Tuesday, January 17, 2012

Premature Book Review: 1Q84 (Haruki Murakami, 2011)

I have been a fan of Haruki Murakami for some time now. I am particularly fond of Kafka on the Shore, The Wind Up Bird Chronicle, and A Wild Sheep Chase. I was understandably excited that a new book by the author was out and got it as soon as it was available. The new book is 1Q84.

I have finished the book, which might lead one to wonder why I am still listing it as a "Premature Book Review" rather than simply a review. Two thing; one, I call most all of my reviews "Premature" as that is the feature's title, and two because I am concerned that I need to give it another read.

The basic story is of Tengo Kawana, a maths prodigy who grew to teach maths at a cram school (Japanese examination preparation school) who is also an aspiring author. His "friend" Komatsu who is an editor gets him involved with reworking a book written by seventeen year-old Eriko Fukada, aka Fuka Eri, who has written an amazing story which is told in a not-so amazing way. Komatsu convinces Tengo to rework the text so that it may win a new author's prize. This is fraudulent activity, so Tengo is uneasy, but once he begins writing he is sucked into the work.

The other side of the story involves Aomame, a girl that Tengo knew from grade school who has grown up to be an assassin. She becomes involved with Tengo from another side of the story, and the two are unaware of each other's involvement. Both the book, and Aomame's final victim, are associated with a religious cult. The cult in unhappy about the book, and the assassination and are out to get both of them.

I enjoyed the book a great deal, but found myself getting lost at times. It is quite long, weighing in at 925 pages, and previous portions become rather clouded. Murakami is good about refreshing your memory when these clouded points become important again, but I tend to feel this is poor form. If your argument is too long for the salient points to remain in the reader's mind, then you need to start trimming some of the fat.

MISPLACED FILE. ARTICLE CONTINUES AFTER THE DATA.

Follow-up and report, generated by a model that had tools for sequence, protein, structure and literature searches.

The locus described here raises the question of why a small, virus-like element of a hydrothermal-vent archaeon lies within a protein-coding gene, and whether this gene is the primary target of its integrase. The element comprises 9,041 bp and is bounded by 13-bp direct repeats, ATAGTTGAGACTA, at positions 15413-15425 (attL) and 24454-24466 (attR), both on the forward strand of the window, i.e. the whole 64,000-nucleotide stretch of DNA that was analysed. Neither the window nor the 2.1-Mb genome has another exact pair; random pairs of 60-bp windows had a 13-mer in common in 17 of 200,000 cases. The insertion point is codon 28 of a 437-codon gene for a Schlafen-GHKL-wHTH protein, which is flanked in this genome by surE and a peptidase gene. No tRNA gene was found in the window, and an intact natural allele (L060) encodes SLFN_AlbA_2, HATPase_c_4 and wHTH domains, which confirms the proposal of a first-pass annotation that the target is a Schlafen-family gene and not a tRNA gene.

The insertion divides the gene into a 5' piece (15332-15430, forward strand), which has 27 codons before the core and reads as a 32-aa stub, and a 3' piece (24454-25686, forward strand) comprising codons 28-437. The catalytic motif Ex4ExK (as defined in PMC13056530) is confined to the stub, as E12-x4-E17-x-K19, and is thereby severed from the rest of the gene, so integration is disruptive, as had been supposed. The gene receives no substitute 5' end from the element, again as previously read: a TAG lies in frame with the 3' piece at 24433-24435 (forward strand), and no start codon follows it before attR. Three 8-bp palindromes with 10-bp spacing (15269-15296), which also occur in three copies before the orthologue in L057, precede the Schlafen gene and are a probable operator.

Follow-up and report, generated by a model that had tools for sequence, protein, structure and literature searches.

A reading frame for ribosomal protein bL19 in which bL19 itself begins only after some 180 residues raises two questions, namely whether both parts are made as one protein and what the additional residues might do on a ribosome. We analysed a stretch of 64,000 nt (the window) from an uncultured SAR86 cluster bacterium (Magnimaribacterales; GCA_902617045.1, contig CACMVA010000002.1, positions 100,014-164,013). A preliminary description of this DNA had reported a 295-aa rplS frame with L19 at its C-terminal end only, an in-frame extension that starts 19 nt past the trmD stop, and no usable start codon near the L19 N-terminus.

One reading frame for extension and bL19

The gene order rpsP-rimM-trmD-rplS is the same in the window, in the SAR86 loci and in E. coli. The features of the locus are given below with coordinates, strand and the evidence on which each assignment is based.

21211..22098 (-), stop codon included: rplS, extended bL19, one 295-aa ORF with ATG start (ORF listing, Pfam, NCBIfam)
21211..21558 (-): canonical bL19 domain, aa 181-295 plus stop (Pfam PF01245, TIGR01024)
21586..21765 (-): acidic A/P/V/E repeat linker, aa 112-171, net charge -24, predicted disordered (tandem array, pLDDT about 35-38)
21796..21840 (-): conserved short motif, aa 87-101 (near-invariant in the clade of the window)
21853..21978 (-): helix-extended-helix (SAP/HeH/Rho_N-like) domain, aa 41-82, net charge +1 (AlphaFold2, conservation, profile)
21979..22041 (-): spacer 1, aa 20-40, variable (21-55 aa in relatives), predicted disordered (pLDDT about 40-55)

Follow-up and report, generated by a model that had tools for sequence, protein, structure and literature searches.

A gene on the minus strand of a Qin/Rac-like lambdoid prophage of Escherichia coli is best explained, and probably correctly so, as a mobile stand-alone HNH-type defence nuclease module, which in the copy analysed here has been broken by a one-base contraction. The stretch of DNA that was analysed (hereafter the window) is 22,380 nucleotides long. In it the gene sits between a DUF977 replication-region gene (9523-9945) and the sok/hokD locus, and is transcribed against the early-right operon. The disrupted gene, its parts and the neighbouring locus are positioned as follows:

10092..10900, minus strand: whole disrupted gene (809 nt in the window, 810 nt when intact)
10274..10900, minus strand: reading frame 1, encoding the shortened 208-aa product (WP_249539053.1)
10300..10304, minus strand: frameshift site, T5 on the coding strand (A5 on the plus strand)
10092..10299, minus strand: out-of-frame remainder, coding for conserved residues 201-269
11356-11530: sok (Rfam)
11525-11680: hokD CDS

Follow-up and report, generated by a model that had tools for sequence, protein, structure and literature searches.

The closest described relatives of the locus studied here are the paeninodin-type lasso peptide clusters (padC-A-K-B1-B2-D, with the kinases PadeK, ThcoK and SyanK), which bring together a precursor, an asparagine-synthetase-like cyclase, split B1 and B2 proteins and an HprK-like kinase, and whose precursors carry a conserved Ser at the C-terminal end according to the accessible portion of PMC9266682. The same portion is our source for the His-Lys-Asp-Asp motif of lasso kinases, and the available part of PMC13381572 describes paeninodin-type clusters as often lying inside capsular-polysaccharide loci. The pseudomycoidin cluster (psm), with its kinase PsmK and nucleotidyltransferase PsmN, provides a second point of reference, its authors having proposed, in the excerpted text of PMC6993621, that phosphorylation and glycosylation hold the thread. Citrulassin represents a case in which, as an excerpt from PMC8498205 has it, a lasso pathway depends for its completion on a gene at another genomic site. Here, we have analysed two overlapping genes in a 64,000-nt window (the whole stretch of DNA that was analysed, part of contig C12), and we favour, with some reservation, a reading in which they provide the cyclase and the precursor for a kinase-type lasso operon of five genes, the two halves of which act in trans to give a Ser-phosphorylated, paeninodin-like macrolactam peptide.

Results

Another problem is the supernatural aspect. All of Murakami's fiction is supernatural. You expect it, however he still tries to sneak it in on you, and it is not typically blatant. This is in many ways his most obliquely supernatural book, which detracts from the magic. In Kafka on the Shore, for example, the supernatural aspects rear their heads rarely but with great force. Even his previous novel, After Dark, which is not a favorite of mine had such forceful scenes that created legitimate fear in the reader. That is perhaps what 1Q84 is missing. There is no serious sense of horror. The most dangerous inhumans are more comical that fear-inducing, and even the danger from the cult seems rather bland, particularly when compared to the faceless man of previous novels, or the vicious Johnny Walker of Kafka on the Shore.

Murakami completists will definitely want to check this one out, but for new initiates it is not his best work. I do not intend to be too hard on the man, he has after all given us several really solid novels and a legion of worthy short stories; much more than many renowned authors have been capable.


T. Roger Thomas said...

I'm impressed that this work made it to the top of the list of Amazon 100 works of fiction for 2011.

Good review!

Darius Whiteplume said...

I fear he might be living off past successes here. It is not a bad book, but certainly not one of his best.

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